Remembering Leo Kraft

Monday, August 12, 2019 3:03 PM

Editor's note: 

As I officially add Leo Kraft to our Composers "In Memoriam” page today, I thought it fitting to honor him with a note about him. I found this tribute to him on the Subito Music, Inc. website, who distributed his catalog, which was published by Seesaw Music. He was honored with a tribute concert by NYCC on Tuesday, December 2, 2014. You may view the program HERE.

Frank Oteri said it best . . . 

“…Whoever says the symphony died with Mahler has missed some of the most interesting repertoire of the past century…[In his “Symphony in One Movement,”] Leo Kraft crystallizes the trappings of a conventional four-movement symphony—fast, scherzo, slow, fast—into an extremely concentrated single utterance….” 

— Frank Oteri,, August 19, 2005

Born in Brooklyn, NY in 1922, Kraft attended Queens College and Princeton University, and studied composition with Karol Rathaus, Randall Thompson, and Nadia Boulanger. Kraft later returned to Queens College, where he served a long tenure as a respected faculty member of the Aaron Copland School of Music (City University of New York). He was a founding member of the College Music Society, served as president of the American Music Center, and was also an active member of the Society of Composers Inc, the Society for Music Theory, and the League of Composers/International Society for Contemporary Music. A member of ASCAP, Kraft was a prolific composer to the end in his 92nd year.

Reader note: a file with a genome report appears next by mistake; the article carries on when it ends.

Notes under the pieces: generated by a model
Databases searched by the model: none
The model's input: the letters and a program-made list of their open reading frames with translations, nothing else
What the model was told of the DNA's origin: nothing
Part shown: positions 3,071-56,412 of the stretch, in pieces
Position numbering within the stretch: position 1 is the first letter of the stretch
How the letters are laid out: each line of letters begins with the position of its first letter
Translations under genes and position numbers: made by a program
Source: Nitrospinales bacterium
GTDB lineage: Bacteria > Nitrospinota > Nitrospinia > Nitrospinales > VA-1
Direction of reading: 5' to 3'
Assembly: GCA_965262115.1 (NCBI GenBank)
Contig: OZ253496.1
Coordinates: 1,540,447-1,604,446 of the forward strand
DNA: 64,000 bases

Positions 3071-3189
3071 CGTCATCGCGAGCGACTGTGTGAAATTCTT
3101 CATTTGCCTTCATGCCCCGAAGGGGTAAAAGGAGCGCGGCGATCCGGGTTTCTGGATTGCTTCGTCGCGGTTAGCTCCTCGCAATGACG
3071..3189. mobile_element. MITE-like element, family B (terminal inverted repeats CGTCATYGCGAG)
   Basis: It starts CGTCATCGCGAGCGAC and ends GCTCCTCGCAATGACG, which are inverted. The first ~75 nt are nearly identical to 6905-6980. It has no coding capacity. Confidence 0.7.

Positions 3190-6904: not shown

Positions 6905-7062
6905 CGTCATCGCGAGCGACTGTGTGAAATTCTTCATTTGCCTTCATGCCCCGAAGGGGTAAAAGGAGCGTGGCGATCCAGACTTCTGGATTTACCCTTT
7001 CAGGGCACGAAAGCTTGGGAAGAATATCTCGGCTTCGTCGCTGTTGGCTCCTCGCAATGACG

While the majority of Kraft’s catalog (Seesaw Music, distributed by Subito Music) features chamber pieces, he also wrote works for orchestra, chorus, voice and piano. His music can be heard on Albany Records, CRI, Capstone, Centaur and Arizona University Recordings. After retiring from Queens College and receiving the honor of Professor Emeritus, Kraft continued to compose. His recent chamber works include: Carolina (for alto saxophone and piano); For Those We Loved (for orchestra), Testimonium (solo piano), Toccato for Two Pianos, and Partita a tre (for clarinet, cello, and piano). His most recent work To Whom It May Concern was commissioned by the Da Capo Chamber Players who premiered it in February 2014 at Merkin Concert Hall in New York City.

For a personal remembrance of Leo Kraft, visit and read composer and former Kraft-student (and current Director of the Aaron Copland School of Music at Queens College, NY) Edward Smaldone’s reflections about Kraft the man and his music, calling both “…smart, confident, generous, outgoing, and always [demanding] careful attention.”